In the northeastern sector of the new city, just beyond the eastern forum, Hadrian’s architects re-developed an ancient Asclepieion. It was sited close by the Sheep Gate (later Lions’ or St Stephen’s Gate), beyond which Jews had marshalled vast flocks of animals intended for ritual slaughter. The healing shrine probably dates to the earliest Greek presence in the city in the 4th century BC. The existence of a pagan shrine within the shadow of Temple Mount speaks volumes about Jewish fidelity to their tribal god Yahweh.
At the pool of Bethesda, in a depression fed by natural springs, were reservoirs and pools servicing the needs of the healing sanctuary. Holistic treatment on offer at an asclepieion included massage, herbal infusions, dream interpretation and bathing. In the Hadrianic redevelopment the Asclepieion was given an enlarged precinct and a temple to the god.

The 2nd century evangelists, hustling for position in a world full of gods and convinced that they alone possessed divine truth, set out to put the rival cult out of business. It was “useful”, therefore, for gospeller John to have his divine hero perform superior magic at the very spot that the god Asclepius worked his wonders. With the triumph of Constantine this shrine to a pagan god – and the rudimentary hospital that it provided – were soon reduced to ruin.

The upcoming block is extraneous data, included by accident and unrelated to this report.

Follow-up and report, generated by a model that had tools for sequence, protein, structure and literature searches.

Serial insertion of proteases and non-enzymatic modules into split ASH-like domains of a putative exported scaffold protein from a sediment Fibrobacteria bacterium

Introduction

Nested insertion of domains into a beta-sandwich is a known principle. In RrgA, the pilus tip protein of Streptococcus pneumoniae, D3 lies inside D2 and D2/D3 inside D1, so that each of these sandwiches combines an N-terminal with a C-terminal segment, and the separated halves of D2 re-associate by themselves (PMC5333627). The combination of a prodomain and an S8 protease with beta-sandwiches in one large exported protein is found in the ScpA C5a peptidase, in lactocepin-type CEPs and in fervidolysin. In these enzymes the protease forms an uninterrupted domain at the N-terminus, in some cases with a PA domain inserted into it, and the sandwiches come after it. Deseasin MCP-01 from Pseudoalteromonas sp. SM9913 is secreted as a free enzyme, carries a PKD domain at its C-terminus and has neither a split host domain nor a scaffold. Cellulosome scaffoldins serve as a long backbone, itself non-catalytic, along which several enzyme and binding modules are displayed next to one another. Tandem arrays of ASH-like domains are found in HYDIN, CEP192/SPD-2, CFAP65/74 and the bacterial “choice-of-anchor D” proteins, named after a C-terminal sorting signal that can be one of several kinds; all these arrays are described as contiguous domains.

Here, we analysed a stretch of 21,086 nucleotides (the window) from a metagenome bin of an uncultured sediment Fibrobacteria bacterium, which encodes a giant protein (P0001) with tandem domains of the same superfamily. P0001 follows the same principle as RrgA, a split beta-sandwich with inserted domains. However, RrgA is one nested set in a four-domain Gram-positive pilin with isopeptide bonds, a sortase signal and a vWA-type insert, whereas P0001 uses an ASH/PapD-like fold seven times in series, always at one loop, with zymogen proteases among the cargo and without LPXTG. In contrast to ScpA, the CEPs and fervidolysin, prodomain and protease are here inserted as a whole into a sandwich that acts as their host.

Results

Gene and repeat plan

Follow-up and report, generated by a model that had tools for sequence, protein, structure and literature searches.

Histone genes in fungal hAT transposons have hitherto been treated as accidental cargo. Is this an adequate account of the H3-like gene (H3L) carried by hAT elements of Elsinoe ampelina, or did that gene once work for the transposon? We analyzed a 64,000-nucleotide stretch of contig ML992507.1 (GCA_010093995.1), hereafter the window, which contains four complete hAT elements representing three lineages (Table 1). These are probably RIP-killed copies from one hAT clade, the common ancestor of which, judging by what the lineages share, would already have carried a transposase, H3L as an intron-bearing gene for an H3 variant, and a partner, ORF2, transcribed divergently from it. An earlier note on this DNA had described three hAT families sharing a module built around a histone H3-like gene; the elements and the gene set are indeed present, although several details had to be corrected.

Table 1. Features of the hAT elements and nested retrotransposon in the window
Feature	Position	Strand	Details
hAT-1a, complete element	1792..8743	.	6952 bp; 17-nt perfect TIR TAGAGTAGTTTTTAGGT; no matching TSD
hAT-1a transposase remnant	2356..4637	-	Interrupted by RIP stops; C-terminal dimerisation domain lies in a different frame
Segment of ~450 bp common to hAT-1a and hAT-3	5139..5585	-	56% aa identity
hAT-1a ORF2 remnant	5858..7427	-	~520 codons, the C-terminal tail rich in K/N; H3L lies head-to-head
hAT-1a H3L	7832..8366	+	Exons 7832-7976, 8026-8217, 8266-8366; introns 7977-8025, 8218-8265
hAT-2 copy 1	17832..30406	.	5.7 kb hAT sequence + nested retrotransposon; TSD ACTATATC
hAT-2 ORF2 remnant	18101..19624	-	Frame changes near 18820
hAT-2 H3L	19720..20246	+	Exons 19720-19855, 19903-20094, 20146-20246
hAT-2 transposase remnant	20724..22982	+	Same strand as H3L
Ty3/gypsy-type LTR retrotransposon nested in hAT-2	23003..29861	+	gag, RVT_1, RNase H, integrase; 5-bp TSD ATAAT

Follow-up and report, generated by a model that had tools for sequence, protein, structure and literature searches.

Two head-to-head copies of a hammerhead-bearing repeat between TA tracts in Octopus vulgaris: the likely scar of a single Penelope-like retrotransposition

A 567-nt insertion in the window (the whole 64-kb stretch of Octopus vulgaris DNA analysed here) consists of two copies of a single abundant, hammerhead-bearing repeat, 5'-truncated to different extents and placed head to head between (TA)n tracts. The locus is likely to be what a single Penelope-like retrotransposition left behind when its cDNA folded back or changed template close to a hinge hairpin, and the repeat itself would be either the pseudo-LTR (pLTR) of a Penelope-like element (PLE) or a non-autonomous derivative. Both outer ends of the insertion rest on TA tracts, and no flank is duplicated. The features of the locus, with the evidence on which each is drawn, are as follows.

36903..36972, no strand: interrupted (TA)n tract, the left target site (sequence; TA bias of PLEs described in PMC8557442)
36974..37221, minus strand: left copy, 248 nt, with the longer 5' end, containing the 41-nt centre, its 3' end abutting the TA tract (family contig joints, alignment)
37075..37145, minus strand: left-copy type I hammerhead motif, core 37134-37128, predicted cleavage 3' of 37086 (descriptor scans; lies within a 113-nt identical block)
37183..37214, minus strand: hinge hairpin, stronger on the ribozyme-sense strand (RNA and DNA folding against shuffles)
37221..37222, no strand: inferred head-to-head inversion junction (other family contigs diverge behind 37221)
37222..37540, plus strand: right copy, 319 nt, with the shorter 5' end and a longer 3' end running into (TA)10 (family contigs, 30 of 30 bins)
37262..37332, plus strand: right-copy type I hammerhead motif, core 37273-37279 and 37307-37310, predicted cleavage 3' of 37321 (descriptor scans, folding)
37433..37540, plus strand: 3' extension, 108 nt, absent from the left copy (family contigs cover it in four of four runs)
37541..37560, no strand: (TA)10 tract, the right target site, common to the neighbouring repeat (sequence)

Miracle, Magic or Myth?


“And when the Devil brings forward Asclepius as the raiser of the dead and healer of all diseases, may I not say that in this matter likewise he has imitated the prophecies about Christ?”

– Justin Martyr, Dialogue with Trypho, 69.